ES6: The Right Parts Object Destructuring
Transcript from the "Object Destructuring" Lesson
>> Kyle Simpson: So let's reset back to the case with objects. And a lot of this is gonna start to be more self-explanatory now cuz you already know what to expect because we've seen it with the arrays, a lot of the same things are gonna be true. We could have done this as tmp.a and tmp.b, and tmp.c, okay?
[00:00:36] That would have been the pre ES6 equivalent. Now what we can do is take this function.
>> Kyle Simpson: And we can do an object destructuring, so I'm gonna do an object pattern with curly braces instead of brackets. And in my object pattern. I'm going to say, I want the a property to be targeted to an a assignment location.
[00:01:11] Okay, and I want b to go to b and I want c to go to c.
>> Kyle Simpson: In the case where our target and our source are the same. Meaning, we don't need to do any alias or renaming. We do not have to specify them twice. They can just simply say, ABC.
[00:01:38] It will assume that means go get the property of name a and assign it to a lock symbol variable called a, okay. But if we wanted to for example, reassigned the b property. Instead to a variable called capital X. We now have declared an a variable, an x variable, and a c variable but not a b variable.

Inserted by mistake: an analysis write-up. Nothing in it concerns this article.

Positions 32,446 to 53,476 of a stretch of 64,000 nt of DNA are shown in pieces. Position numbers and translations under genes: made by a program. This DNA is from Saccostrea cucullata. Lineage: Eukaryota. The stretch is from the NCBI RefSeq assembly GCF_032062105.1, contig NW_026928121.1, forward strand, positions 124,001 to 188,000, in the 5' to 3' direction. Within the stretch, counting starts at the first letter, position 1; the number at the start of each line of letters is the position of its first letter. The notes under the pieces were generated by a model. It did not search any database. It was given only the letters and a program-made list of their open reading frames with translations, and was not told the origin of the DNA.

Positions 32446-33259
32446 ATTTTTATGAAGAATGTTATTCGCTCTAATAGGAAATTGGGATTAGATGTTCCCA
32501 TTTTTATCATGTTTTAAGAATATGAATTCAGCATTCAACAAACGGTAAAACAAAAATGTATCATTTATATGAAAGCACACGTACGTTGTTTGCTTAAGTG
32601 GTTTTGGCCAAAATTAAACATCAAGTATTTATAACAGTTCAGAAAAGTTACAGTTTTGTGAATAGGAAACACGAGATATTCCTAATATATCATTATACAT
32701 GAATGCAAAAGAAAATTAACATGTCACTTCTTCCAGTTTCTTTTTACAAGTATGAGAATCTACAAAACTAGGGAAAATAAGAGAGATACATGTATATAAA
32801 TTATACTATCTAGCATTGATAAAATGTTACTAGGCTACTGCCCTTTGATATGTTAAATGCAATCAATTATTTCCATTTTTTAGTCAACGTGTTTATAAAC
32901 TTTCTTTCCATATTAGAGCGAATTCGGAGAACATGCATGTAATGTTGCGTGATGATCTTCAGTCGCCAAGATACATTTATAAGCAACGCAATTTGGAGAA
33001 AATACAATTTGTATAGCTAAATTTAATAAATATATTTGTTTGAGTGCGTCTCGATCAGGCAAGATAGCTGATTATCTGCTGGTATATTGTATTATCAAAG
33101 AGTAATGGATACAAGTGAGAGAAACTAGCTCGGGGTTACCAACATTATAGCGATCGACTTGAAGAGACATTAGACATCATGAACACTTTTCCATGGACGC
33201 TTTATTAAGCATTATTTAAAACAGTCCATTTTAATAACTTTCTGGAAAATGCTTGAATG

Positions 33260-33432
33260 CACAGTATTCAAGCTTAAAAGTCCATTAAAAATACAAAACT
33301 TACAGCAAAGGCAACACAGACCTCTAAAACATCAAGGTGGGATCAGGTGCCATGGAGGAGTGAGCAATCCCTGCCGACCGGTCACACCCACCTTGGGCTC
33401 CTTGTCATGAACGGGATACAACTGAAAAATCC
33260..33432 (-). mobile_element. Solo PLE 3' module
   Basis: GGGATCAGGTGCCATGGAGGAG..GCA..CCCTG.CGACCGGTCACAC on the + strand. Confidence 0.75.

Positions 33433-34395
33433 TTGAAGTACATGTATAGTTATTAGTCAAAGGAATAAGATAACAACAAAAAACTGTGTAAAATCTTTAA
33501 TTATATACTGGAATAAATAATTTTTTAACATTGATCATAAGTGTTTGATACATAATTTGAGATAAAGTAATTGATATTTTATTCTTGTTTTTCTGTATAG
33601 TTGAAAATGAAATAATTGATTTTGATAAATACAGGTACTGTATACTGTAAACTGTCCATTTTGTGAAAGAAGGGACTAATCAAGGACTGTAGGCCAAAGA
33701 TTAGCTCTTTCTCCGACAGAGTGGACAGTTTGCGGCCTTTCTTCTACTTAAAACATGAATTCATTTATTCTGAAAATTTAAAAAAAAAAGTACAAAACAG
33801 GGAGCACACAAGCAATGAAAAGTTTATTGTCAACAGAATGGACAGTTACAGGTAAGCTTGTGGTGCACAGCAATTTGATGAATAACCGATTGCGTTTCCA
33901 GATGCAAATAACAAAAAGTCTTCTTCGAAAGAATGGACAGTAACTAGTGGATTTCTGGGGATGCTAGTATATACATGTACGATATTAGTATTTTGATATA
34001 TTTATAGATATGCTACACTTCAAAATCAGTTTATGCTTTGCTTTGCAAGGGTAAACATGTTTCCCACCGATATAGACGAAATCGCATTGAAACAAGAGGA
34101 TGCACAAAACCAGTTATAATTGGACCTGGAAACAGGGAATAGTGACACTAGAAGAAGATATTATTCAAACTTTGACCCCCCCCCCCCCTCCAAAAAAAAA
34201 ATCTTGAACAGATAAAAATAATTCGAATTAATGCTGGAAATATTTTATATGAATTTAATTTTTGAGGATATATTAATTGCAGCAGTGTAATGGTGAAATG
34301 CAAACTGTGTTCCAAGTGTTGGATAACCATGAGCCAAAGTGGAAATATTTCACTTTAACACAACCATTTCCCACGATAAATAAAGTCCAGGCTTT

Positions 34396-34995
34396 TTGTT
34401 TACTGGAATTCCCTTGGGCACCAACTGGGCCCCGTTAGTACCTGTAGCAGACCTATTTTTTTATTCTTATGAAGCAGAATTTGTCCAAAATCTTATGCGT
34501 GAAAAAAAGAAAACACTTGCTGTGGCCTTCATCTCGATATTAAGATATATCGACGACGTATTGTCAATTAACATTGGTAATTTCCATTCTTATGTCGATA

[00:02:03] You with me?
>> Speaker 2: So the x is actually the target.
>> Kyle Simpson: Correct.
>> Speaker 2: Not the soldiers?
>> Kyle Simpson: Correct.
>> Speaker 2: Interesting.
>> Kyle Simpson: The way to remember this, is that with object literals, the property name is always on the left. With object destructuring, property name's always on the left.
>> Kyle Simpson: These can of course also have default value assignments.
[00:02:37] So the equivalent from over there, we just add on the equals. All right, with or without the colon, we can add on the equals.
>> Kyle Simpson: Same thing applies here If we return something that was not an object, could have a failure here. So our little guard is to put an empty object to be destructured in the case where something falsey came back.